Some of the questions caught me off guard and it was nerve wracking that they wrote down everything I said. Over all though, the interview went great and I was told that I would be contacted.

On Wednesday April 3rd, I received a call from the Bridge informing me they were offering me a job. I accepted and will be heading to main office next week to get everything set up. I am very thankful for the career fair in helping me find a job for after graduation.

Interview: Recruiters Jason Dekow ’06 & Kevin King ’07 on What Makes Nichols Students Terrific

There are a variety of traits that can help a student stand out in a crowd. But what is it that makes Nichols students terrific? Two recruiters who attended the recent career fair shared some of their thoughts on this question. Jason Dekow, a Nichols graduate from the class of 2006, who represented Blue Cross Blue Shield of Massachusetts, stated that “Nichols students are terrific in a number of ways”. Students impressed possible employers by being well dressed, professional and engaging. Those who really stood out to recruiters had done prior research on the companies they were interested in. Kevin King, Nichols graduate from the class of 2007, who represented WB Mason at the career fair, believes that “the small class sizes at Nichols allow students the opportunity to learn values that they would not learn in other larger colleges”. Nichols focuses not only on teaching students to succeed in the classroom, but also in a professional setting. Students learn how to market themselves through the way they dress, act and prepare for any given situation. This is what makes Nichols students so terrific.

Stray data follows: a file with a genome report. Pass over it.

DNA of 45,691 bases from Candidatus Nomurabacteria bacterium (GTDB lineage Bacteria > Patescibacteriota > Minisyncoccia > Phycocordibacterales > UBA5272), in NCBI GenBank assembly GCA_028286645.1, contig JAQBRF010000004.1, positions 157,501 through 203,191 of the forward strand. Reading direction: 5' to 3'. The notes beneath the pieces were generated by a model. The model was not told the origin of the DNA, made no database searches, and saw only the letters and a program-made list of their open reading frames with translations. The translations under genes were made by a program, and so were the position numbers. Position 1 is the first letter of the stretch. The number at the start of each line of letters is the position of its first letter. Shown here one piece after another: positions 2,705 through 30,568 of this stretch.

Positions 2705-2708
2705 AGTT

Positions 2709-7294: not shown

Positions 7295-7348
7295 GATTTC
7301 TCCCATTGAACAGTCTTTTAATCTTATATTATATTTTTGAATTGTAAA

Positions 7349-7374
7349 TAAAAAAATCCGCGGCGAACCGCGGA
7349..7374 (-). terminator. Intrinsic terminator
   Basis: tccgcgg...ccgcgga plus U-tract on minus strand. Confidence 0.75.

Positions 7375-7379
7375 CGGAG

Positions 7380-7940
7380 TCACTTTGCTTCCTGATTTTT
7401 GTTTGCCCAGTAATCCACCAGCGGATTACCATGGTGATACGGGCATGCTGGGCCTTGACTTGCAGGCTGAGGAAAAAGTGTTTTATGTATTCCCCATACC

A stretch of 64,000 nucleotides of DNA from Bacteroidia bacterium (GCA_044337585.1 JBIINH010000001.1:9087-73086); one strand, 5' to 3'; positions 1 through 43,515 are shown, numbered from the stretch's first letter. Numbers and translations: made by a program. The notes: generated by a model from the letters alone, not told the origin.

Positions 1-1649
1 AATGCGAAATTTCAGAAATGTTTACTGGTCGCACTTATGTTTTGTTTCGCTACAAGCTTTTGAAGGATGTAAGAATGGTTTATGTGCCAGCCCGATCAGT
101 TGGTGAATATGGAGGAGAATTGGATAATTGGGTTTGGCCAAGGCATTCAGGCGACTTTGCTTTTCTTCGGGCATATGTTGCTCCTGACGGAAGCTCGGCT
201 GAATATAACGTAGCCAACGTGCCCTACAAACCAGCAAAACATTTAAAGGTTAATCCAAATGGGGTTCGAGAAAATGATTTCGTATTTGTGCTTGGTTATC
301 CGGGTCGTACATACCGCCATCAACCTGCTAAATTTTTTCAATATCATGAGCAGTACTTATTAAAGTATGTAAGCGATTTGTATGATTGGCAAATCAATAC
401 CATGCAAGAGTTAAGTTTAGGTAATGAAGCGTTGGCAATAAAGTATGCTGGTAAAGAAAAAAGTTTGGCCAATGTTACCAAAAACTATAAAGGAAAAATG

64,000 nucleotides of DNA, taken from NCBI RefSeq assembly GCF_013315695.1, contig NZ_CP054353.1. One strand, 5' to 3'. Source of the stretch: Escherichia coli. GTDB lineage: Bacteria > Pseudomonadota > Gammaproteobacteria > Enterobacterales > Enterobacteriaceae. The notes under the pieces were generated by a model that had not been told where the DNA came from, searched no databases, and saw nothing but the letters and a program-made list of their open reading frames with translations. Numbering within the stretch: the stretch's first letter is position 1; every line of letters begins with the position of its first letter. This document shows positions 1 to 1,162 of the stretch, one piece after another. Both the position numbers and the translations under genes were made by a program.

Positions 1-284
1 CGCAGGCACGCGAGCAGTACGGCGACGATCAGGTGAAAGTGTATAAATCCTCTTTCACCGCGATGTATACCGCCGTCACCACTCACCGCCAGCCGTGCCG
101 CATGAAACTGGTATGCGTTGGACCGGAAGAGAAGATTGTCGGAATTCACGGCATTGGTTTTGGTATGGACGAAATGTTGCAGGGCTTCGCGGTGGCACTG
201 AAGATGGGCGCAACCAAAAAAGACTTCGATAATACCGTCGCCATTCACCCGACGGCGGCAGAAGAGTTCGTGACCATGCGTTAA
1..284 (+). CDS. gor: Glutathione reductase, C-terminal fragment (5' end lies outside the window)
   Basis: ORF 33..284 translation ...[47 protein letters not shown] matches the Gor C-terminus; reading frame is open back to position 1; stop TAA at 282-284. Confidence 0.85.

Both recruiters mentioned that Nichols students have drive that is not often seen in most college populations. Nichols students are working toward their future career, and they are driven to find the one best suited to them. Kevin offers a word of advice, “Know where you want to be at the next stage in your life.” Recruiters are looking for individuals who are passionate about what they do and who have the drive to continue improving and advancing in their careers. Having this drive can set you apart from a sea of others looking for the same opportunities. It is this drive that sets Nichols students apart from other college students.
Jillian Stadig Class of 2014